Jul-16-06  patzer2: <gala.martin> <It seems today's puzzle was wrong!> Welcome to Initially, all the puzzles here were intended to have "winning solutions." However, to make the puzzles more like a game, where most position are not a forced win, a decision was made to occasionally include puzzles with other possibilities (e.g. forced draws, spoilers, defensive combinations etc.).

In this case, I don't know that the puzzle was intended to be a spoiler which can be defended by declining the sacrifice. However, I found it to be an instructive combination in learning to defend against positional sacrifices.

As it turns out, Black's Tal-like sacrifice 9...Nxe5! leads to a forced win if White accepts it and an even position if White correctly declines it. Seems to me it's a sound strategy, and a good study in a position more likely to occur in an actual game (i.e. as opposed to a forced win). So, at least for me, today's puzzle was not wrong.

Jul-16-06  RandomVisitor: Accepting the sacrifice is not immediately fatal for white due to <Fezzik>'s 11.Rf2, but the position favors black:

9...Nxe5 10.dxe5 Bc5+ 11.Rf2 g3 12.Bxh5 gxf2+ 13.Kf1 fxe1=Q+ 14.Qxe1 Be6 1: P McEvan - G Kito, corr ENG 1967

click for larger view

Analysis by Rybka 2.0 Beta 8 mp:

1. µ (-0.94): 15.Bxf4 Qd7 16.Bf3 0-0-0 17.Rd1 d4 18.Ne4 Qb5+ 19.Be2 Qc6 20.Bf3 Bd5 21.Qe2 Kb8

2. µ (-0.99): 15.Ne2 Qe7 16.c3 0-0-0 17.Bxf4 Rhg8 18.Nd4 Bg4 19.Bxg4+ Rxg4 20.g3 Rg6 21.Qe2 Kb8

(, 16.07.2006)

Jul-16-06  LIFE Master AJ: A.) I got the solution ... first time I have gotten both Saturday AND Sunday ... in a very long time. (It seemed for months I always missed both days.)

B.) I saw the way to win, IF White accepted ... I had a hunch that White should probably decline it. (I saw no easy win in that line.)

Jul-16-06  maxxowar: Well I missed 12... Qg5! thinking about 12... fxg3 obviously missing 13 Rf6! too.
Jul-16-06  Fezzik: The fact that Black gains equality with absolutely the best play a computer can offer suggests that 9...Ne5 has to be right. There doesn't seem to be much better for Black anyway.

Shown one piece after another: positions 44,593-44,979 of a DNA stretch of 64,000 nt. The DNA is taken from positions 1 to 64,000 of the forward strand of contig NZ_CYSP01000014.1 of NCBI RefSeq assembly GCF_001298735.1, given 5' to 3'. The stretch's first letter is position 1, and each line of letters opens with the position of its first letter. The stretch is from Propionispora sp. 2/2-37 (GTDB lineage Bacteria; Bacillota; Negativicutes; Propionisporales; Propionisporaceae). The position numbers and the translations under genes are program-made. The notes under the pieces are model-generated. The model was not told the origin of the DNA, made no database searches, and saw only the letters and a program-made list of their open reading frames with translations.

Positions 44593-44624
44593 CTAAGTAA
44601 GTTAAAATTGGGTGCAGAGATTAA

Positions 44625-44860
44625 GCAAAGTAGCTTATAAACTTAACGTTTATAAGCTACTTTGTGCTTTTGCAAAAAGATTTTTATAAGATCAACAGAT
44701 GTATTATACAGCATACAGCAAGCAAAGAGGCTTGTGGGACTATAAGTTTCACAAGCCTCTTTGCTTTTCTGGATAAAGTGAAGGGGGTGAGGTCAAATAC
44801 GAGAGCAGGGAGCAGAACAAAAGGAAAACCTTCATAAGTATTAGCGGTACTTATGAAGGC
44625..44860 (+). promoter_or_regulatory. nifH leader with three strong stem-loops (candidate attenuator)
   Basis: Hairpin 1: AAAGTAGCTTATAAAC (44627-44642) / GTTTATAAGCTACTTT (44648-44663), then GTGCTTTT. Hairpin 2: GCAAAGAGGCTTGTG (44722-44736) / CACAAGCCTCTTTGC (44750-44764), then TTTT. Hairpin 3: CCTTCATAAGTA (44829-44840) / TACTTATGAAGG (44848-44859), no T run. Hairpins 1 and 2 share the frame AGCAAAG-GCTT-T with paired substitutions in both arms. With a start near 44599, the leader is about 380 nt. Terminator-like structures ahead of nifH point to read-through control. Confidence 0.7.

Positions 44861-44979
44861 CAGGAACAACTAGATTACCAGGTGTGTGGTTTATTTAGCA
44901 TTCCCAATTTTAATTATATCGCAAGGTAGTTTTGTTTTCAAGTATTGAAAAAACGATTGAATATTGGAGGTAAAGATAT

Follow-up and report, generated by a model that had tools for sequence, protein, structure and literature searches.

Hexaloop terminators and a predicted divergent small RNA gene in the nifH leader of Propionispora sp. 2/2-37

This was a correspondence game, so White could have set up the board and looked at what Black would play after 12.hg3.

I normally hate correspondence games when it comes to tactics because they are usually almost impossible to work out without shuffling pieces on a board. I think I would have played 10.de5 in an OTB game.

Jul-16-06  midknightblue: awesome game based on setting up a "greco's mate"
Jul-16-06  blingice: I thought maybe 9..g3. Oh well.
Jul-16-06  think: Interesting. I have played the knight sac in the KG before, but I usually see it in this move order:

e4 e5
f4 exf4
Nf3 g5
Bc4 g4

It looks even more unsound with the bishop on e2.

Jul-16-06  pawn52: Nice puzzle today. I saw the solution and the line like 4 seconds after I saw it, but I only analyzed the Kf2 portion of the line, which leads to mate. I wasn't paying much attention to the Kh1 portion of the line, which is the best way to go.
Jul-16-06  Longbrow: <The fact that Black gains equality with absolutely the best play a computer can offer suggests that 9...Ne5 has to be right.> Point taken.
Jul-16-06  Tariqov: <think>I don't have much understanding about the KG but it seems it is more sound here then the one you proposed because after Bxf3 and Bxd5(after Ng7) and the f4 pawn vanishes there will be a deadly attack to the king via open f file.
Jul-16-06  aazqua: I must be missing something. Is this a Wednesday puzzle? N*P is obvoius because it opens up the bishop check which forces the king in the corner and screams out for n-g3. What's the challenge here? WIth the king in the corner and the rook file over you bring the queen up and it's lights out. A Sunday puzzle shouldn't be obvious from move one on.
Jul-16-06  Chess Classics: I saw 9...Nxe5 and "chose" that as my move but I couldn't work out all the moves. Nice puzzle though! Time for a monday.


Premium Chessgames Member
  kevin86: Nice finish: reminds me of the famous Andersson-Lange game.